It would be safe to say a baby's first year in the world can be a little unsettling – and getting him or her to sleep is one of the biggest learning curves to tackle.
But if you're finding that your baby (and incidentally, you yourself!) isn't getting to sleep easily, there are some tried and tested tricks that are worth giving a go.
Keep scrolling as we look at the best ways to send your bub off to the land of nod.
He's tired. You're tired. Please. Go. To. Sleep! (Image: Getty Images)
Boob, then bed
Breast-fed babies can often sleep better. "In the latter part of the day, breastmilk contains high levels of the hormone tryptophan," says Andrea Grace, a children's sleep specialist. "Tryptophan aids the production of the sleep hormone melatonin. Mums who breastfeed should cluster feed in the run-up to bedtime, to fill baby up and encourage the production of sleep hormones."
The 'tiger in the tree' hold
Sleep consultant Tina Southwood recommends the 'tiger in the tree' hold, where you lay your baby on her tummy along your forearm (with your palm facing upward), so that her chin is resting in the crook of your arm. "I do this on my left side, so my right hand is free to stroke her back," she says. "Colicky babies really like this but all babies seem to find it soothing and many fall asleep quickly in this position."
The nose stroke
"Try holding him close and stroking gently from his forehead down to his nose," says Lisa Clegg, author of The Blissful Baby Expert. "This generally gets him to close his eyes but if he doesn't, I'd gently cover his eyes with my fingers."
WATCH: How to get your baby to sleep longer. Story continues after video…
FROM 3 MONTHS
Just say it
"Whisper 'I want you to go to sleep now' in baby's ear when you are about to put him down," says early childhood nurse Claire Read. "Although they won't understand it at first, it's amazing what babies do understand and they will soon associate these words with bedtime."
Download an app
So, your baby is waking up more often at 12 weeks than six? Don't panic. "It may be due to teething, a cold, wanting to practise a new skill or a developmental burst," says Dr Emma Svanberg, a clinical psychologist who specialises in mums and bubs.
"The Wonder Weeks app (iTunes and Google Play) is great to prepare yourself for sleepless and fussy periods."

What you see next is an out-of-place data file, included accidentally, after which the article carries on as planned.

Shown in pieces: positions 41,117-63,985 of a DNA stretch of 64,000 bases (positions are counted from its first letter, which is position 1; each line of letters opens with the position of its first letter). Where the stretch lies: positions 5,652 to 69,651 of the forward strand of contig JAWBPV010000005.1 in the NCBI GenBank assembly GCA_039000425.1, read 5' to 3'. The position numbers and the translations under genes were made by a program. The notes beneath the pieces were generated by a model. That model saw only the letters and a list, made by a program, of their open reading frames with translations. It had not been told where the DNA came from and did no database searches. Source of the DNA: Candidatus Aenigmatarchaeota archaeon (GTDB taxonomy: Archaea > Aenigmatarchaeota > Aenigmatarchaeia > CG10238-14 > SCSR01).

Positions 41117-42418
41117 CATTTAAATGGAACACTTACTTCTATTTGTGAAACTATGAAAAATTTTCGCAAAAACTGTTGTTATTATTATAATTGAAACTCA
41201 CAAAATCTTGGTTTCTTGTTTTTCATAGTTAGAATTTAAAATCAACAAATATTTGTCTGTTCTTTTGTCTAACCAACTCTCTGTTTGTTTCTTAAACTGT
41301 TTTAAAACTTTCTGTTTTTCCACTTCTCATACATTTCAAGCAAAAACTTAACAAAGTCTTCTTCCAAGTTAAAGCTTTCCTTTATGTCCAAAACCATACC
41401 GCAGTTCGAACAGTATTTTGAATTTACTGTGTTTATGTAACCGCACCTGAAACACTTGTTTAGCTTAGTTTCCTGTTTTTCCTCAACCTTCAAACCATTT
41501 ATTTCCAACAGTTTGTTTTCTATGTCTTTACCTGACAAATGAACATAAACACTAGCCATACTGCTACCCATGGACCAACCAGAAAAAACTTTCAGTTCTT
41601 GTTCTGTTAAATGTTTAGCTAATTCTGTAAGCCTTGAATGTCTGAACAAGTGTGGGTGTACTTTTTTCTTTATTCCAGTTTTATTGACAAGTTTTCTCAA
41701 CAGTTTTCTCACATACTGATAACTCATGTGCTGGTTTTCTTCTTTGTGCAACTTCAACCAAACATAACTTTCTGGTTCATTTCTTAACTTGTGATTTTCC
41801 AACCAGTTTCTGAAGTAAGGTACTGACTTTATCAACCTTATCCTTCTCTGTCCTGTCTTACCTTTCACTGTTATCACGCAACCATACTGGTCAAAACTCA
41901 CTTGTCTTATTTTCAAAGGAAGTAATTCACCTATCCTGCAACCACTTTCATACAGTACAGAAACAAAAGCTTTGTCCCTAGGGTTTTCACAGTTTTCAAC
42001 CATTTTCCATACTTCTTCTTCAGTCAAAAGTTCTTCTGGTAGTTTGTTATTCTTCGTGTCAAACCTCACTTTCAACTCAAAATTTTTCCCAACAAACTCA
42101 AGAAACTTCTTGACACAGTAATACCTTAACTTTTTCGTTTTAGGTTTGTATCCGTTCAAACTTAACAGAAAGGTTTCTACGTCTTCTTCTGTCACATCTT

It's a calendar that helps you track your baby's mental development, including times of rapid growth, which can affect sleep, appetite, clingness and crankiness.
Read and repeat
Yep, even if it drives you crazy. "When you take the baby into where they are going to sleep, it pays to read the same book every night," says Claire. "It becomes part of the routine and he knows what is going to happen next."
And bub is finally asleep… hallelujah. (Image: Getty Images)
FROM 6 MONTHS
The gradual retreat method
If you usually cuddle your baby or if you're in the habit of staying with him until he's fallen asleep, try these steps:
- Sit by your baby's cot, hold his hand until he falls asleep, then leave the room. Repeat this every night for one week.
- The following week, sit by his cot but don't hold his hand. Leave once he's asleep.
- The week after, sit at the end of the cot until he falls asleep, then quietly leave the room.
- Continue to gradually sit further away from the cot, a week at a time, until, finally, you're sitting at the open door of your baby's room. By this time, he will probably be able to fall asleep without you even being there.
FINALLY, JUST CHILL
Relaxing your own expectations for your baby's sleep routine can help especially if you're little one is struggling to settle.
"Forget about how your baby 'should be sleeping' and focus on what works for you," says Emma.
"Try to enjoy the sleepy snuggles and night feeds when it's just you and him." Take it day by day and things will improve, honestly.
WATCH: Baby twins pretend to sleep when they hear their mum